This way of classifying a story is perhaps one of the most important yet overlooked items. It’s easily confused with genre…probably because there are a few common genres which actually double as a genotype. Yet there is a distinct difference. Genre is best understood as the designation of the story’s setting, style, and audience. Essentially, it is how the story relates to the reader. (See the previous article in the series.) So root that firmly in your brain as we go forward.
Genotype is how the story relates to the characters in the book. The characters aren’t experiencing a genre of setting, style, and audience. They are experiencing life…their lives. Genotype helps us to understand what aspect of life that they are experiencing. This has a TREMENDOUS effect on how plot and characters are developed, because plot and character development are directly related to the experiences of the characters. Let’s look at a few examples.
So you think you know what Story Genre is, huh? It can be best understood as a story’s designation of setting, style, and audience. Other definitions include form, content, and technique. What needs to be keyed in on here is that Story Genre moves the READER through the story, or the author’s means of connecting the reader to the story. Don’t confuse this with Story Genotype, which I’ll talk about next time, which moves the MAIN CHARACTERS through the story, or is the author’s way of connecting the main characters to the story. What do I mean? In genre, setting and style are most important. The characters are unaffected by this, it is the reader that bears the impact.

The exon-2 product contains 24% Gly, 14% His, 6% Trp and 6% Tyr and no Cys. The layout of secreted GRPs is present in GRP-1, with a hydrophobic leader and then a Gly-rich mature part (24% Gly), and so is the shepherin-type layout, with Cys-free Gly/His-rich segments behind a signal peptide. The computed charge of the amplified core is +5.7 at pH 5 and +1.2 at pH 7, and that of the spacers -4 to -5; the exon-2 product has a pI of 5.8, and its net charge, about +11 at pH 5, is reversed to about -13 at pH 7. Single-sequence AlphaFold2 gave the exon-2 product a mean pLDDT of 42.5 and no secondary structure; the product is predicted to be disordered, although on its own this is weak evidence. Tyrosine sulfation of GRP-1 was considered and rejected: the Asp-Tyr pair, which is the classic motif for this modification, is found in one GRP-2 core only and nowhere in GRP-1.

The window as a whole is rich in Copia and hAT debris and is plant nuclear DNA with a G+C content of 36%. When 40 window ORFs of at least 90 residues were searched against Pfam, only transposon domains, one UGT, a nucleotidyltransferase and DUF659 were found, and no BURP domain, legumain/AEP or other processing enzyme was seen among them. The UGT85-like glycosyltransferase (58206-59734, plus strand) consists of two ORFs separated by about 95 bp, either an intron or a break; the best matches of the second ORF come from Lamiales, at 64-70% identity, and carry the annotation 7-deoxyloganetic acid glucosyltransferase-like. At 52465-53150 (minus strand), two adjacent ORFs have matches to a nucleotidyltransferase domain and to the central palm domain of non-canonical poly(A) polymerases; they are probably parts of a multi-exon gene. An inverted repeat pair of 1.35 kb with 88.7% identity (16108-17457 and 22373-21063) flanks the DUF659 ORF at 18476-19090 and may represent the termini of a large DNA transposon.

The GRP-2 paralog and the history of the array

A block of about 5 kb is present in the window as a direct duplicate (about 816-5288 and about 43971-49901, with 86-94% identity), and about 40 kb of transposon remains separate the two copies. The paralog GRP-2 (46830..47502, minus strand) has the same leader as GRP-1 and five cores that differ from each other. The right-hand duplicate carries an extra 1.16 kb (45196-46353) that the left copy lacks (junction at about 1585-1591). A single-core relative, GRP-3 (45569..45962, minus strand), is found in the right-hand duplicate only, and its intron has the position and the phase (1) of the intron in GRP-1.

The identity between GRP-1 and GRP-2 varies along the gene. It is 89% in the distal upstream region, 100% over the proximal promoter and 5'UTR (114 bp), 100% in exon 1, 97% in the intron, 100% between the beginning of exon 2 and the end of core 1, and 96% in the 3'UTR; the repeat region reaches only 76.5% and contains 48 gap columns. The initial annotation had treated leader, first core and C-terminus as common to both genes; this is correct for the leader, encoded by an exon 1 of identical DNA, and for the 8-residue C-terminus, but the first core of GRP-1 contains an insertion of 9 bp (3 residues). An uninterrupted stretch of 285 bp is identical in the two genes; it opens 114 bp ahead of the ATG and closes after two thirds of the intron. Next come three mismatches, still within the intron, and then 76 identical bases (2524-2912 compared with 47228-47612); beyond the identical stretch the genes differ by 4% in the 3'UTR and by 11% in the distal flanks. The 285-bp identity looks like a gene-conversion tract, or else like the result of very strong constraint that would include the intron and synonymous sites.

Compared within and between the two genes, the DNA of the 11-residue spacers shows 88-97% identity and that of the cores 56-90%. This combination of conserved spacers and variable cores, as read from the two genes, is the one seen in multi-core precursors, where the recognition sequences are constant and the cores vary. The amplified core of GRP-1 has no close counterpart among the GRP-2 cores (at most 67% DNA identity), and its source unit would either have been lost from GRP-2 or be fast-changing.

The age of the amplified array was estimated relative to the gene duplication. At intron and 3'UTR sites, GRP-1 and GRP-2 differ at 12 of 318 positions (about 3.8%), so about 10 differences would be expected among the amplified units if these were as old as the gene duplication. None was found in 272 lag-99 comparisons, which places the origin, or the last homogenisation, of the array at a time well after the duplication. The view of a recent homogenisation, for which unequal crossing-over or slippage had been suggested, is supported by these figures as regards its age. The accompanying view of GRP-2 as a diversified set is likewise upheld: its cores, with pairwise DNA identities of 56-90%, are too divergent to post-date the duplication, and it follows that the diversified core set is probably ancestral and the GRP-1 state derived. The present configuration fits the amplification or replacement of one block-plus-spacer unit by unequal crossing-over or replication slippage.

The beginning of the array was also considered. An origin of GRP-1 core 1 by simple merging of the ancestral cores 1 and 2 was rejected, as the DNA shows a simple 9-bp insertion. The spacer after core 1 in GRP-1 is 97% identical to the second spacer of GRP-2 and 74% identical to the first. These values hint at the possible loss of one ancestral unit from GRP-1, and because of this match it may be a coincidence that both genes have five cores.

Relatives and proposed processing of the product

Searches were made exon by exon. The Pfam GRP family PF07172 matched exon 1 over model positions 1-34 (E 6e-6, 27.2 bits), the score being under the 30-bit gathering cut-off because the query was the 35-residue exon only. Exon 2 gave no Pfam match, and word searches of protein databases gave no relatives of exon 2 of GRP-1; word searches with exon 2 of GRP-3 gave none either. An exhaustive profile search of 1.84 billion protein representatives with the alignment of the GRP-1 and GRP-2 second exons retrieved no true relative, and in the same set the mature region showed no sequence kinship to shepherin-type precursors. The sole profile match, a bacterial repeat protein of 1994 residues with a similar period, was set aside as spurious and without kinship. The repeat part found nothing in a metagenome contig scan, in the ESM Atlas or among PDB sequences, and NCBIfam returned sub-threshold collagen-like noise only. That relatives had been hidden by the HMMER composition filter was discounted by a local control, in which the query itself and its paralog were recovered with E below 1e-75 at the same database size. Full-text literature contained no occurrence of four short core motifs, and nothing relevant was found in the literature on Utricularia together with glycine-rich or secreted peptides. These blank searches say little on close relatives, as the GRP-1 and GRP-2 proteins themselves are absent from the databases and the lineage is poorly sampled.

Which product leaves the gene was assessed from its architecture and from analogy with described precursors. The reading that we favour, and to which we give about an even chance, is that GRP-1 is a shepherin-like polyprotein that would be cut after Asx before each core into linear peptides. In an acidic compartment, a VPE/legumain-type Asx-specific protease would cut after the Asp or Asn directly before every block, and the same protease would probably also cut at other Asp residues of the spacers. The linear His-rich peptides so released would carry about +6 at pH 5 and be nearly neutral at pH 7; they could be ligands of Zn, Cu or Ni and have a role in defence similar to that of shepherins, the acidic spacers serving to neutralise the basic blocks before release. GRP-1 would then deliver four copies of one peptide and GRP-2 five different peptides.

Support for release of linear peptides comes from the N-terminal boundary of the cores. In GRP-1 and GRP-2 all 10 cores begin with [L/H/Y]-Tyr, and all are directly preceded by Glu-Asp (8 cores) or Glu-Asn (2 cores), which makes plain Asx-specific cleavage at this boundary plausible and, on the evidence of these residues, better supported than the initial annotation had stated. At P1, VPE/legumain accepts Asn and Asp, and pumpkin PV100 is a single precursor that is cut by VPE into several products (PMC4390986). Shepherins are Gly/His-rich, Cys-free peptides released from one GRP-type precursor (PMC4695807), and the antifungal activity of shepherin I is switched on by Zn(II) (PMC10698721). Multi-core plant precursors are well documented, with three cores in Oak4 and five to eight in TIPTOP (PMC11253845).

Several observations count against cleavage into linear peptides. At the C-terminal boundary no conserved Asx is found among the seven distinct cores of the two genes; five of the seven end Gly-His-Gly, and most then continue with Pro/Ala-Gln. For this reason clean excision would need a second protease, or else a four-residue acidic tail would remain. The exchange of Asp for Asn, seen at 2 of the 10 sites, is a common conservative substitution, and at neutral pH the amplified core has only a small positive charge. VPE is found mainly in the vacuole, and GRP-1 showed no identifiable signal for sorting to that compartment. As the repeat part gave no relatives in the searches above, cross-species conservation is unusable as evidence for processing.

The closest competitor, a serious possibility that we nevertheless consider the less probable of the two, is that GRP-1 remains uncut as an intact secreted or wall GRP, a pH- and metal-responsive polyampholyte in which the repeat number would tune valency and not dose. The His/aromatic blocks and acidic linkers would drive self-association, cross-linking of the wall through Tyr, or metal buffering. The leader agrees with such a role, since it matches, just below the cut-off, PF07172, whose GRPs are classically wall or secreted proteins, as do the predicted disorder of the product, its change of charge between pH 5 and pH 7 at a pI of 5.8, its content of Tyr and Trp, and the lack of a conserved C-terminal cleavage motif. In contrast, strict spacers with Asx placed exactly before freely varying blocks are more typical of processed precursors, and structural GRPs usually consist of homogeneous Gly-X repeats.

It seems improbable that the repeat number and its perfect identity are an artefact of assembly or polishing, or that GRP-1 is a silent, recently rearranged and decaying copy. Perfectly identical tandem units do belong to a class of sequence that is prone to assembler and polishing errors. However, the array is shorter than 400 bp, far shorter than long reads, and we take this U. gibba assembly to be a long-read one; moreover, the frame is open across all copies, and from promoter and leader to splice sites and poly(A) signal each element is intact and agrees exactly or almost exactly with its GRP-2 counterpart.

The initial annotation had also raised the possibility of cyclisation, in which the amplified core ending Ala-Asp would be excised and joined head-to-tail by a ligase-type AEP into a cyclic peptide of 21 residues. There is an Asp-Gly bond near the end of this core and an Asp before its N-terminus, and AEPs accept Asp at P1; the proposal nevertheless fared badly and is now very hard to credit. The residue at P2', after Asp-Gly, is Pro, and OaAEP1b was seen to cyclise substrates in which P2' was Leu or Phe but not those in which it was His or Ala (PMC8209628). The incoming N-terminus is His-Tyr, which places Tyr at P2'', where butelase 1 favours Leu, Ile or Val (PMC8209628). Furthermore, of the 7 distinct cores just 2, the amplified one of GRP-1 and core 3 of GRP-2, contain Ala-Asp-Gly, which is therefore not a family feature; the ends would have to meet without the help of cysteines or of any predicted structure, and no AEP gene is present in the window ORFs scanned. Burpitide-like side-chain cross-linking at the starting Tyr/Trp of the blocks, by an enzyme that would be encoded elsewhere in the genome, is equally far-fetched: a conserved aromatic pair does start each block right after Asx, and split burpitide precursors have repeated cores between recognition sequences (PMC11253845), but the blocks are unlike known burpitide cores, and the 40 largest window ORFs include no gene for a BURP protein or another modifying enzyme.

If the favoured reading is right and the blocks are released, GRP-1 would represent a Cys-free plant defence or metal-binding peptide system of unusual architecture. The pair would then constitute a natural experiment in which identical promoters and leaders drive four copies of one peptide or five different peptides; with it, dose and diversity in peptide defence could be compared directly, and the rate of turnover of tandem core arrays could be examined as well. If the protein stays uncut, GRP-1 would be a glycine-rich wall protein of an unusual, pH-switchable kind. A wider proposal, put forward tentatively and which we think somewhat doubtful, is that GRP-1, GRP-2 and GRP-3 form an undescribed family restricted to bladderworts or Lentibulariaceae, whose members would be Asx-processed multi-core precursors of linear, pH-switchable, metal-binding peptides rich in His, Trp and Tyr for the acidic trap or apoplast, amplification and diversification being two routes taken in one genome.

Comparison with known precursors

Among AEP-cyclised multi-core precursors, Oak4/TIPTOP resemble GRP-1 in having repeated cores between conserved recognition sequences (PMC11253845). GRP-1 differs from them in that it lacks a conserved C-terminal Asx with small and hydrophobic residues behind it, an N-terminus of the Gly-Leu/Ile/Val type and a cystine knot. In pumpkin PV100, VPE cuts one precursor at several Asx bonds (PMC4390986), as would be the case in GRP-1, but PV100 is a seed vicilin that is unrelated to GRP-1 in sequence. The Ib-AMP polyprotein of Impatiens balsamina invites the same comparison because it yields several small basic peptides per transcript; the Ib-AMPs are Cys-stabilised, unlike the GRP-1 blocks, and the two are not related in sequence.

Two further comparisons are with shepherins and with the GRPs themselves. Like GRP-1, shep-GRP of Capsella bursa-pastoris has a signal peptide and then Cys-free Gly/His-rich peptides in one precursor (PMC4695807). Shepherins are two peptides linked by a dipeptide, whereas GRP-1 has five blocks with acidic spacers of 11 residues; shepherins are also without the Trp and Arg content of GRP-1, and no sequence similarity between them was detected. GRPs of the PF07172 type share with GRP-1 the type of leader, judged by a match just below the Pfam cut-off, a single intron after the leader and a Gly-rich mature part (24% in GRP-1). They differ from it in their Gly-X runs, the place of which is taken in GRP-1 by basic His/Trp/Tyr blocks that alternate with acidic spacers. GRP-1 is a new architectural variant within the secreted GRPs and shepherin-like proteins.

For instance, consider setting. A Western is characterized by a “cowboy” type setting, usually mid to late 1800′s. The characters are unaffected because it’s simply a reflection of their normal world. This setting designation is used to connect the reader to that world.